Others cars may be produced in a factory or workshop, but it’s quite different for world’s quickest and coolest supercar. Bugattis are made in an Atelier, which is French word for workshop but in English it is most commonly used to define an artist’s studio.
Volkswagen acquired the declining marque in 1998, and decided to resurrect Bugatti at its own birth place. The older building had to be renovated and today it has Administrative office on the first floor with a lobby which has been converted into a museum thathouses one of the six of Bugatti’s Royale.
Near to main house there is a viewing studio where clients could select seats, interiors and other detailing that will fit into their Bugatti Veyron.
At Atelier you will be greeted by a monastic silence, unlike the other workshops that greets you with the sounds of rattling hammers and deafening music. This elliptical building is quite compact measuring only 249×147 ft with three workstations. At each workstation, a team of five dedicated engineers, responsible for interior, exterior, chassis, electrics and powertrain assembles Bugatti’s creations.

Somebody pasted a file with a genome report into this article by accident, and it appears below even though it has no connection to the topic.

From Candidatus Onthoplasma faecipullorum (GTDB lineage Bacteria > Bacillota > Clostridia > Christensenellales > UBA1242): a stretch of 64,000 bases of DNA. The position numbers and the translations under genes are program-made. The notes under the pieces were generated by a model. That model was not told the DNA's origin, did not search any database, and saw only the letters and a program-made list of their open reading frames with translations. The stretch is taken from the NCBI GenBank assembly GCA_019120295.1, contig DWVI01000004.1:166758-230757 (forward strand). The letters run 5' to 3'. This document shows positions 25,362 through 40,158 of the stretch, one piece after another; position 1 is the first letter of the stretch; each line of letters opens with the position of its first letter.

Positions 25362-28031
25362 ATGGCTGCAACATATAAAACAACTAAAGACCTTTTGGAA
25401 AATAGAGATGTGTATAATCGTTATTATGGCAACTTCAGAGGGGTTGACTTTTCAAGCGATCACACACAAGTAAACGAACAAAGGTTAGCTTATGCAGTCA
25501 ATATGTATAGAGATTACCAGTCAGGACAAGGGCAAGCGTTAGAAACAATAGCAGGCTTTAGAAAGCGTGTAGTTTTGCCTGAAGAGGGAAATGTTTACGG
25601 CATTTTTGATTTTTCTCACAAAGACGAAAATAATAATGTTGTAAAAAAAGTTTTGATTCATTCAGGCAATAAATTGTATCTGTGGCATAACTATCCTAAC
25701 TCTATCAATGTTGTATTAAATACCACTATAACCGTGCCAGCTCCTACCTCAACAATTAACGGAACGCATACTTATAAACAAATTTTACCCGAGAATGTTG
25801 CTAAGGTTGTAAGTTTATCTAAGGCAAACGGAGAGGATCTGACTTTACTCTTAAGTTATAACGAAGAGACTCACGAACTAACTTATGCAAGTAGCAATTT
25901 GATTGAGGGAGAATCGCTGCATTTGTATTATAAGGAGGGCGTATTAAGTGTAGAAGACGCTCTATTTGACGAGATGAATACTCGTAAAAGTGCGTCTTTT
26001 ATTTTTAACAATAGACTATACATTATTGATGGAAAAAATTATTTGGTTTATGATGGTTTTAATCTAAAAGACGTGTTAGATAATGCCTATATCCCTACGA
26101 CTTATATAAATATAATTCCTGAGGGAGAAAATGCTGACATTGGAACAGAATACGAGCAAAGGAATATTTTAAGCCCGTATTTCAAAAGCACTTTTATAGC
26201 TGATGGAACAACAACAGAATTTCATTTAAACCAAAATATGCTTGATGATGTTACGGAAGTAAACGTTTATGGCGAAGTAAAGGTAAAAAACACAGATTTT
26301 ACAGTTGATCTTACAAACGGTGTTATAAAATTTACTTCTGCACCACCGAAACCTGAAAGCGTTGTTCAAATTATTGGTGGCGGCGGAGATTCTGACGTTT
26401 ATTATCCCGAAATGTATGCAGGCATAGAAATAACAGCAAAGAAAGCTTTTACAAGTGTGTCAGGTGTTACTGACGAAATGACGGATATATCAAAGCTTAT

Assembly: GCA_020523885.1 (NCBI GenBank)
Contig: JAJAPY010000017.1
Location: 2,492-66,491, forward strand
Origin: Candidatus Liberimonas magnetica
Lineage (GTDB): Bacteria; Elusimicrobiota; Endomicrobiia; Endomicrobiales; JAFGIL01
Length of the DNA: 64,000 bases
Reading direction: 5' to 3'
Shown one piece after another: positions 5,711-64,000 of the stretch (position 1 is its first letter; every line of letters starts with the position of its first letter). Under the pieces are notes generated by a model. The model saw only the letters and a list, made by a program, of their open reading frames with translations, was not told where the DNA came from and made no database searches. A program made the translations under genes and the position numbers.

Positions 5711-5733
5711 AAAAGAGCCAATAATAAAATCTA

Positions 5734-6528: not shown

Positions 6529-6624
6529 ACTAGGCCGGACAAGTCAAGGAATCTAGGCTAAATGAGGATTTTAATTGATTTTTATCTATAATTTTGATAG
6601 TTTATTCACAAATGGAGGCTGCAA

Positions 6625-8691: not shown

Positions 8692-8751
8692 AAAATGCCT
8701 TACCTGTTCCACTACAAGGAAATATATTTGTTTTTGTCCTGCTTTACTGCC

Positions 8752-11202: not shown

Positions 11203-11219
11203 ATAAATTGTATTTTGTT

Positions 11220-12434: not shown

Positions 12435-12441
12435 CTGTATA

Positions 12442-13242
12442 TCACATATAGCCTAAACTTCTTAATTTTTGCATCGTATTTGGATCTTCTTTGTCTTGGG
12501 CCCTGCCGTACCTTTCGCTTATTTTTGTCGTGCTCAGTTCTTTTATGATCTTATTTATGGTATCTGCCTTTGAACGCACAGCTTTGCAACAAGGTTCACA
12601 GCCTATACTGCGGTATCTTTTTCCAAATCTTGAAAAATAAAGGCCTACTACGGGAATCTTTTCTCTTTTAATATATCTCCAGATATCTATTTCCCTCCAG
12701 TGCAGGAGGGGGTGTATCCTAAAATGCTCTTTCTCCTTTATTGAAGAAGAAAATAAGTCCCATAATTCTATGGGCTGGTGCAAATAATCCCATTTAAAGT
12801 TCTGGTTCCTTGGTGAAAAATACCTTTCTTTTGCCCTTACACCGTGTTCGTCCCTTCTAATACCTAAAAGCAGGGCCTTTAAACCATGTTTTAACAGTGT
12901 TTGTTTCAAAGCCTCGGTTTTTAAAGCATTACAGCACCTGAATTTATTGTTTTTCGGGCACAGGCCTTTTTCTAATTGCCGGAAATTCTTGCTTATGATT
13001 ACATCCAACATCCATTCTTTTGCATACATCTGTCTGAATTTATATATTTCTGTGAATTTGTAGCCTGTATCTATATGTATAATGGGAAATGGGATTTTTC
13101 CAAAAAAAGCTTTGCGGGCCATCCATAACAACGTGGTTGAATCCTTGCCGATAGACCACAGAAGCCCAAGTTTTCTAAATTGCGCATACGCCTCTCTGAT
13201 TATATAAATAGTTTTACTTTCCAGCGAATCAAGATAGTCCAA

Bugatti Veyron is not manufactured here but rather a series of component arrives from different parts of Europe and they are just joined together by Bugatti’s ‘craftsmen’. VW builds the engine and transmission which comes from British specialists. AP racing supplies the brakes and Michelin provides the unique tires rated for 248 mph. In all there are about 10 suppliers that provide important components for the car.
Each of the cars is personalized as per the customer choice. So once a customer places the request, Bugatti orders the components from its suppliers. Depending upon the specification, the process may take up to four months. Then it takes about four to six weeks more to assemble the car. A checklist is prepared and car is made to go through all the vigorous testing before it is delivered to the customers.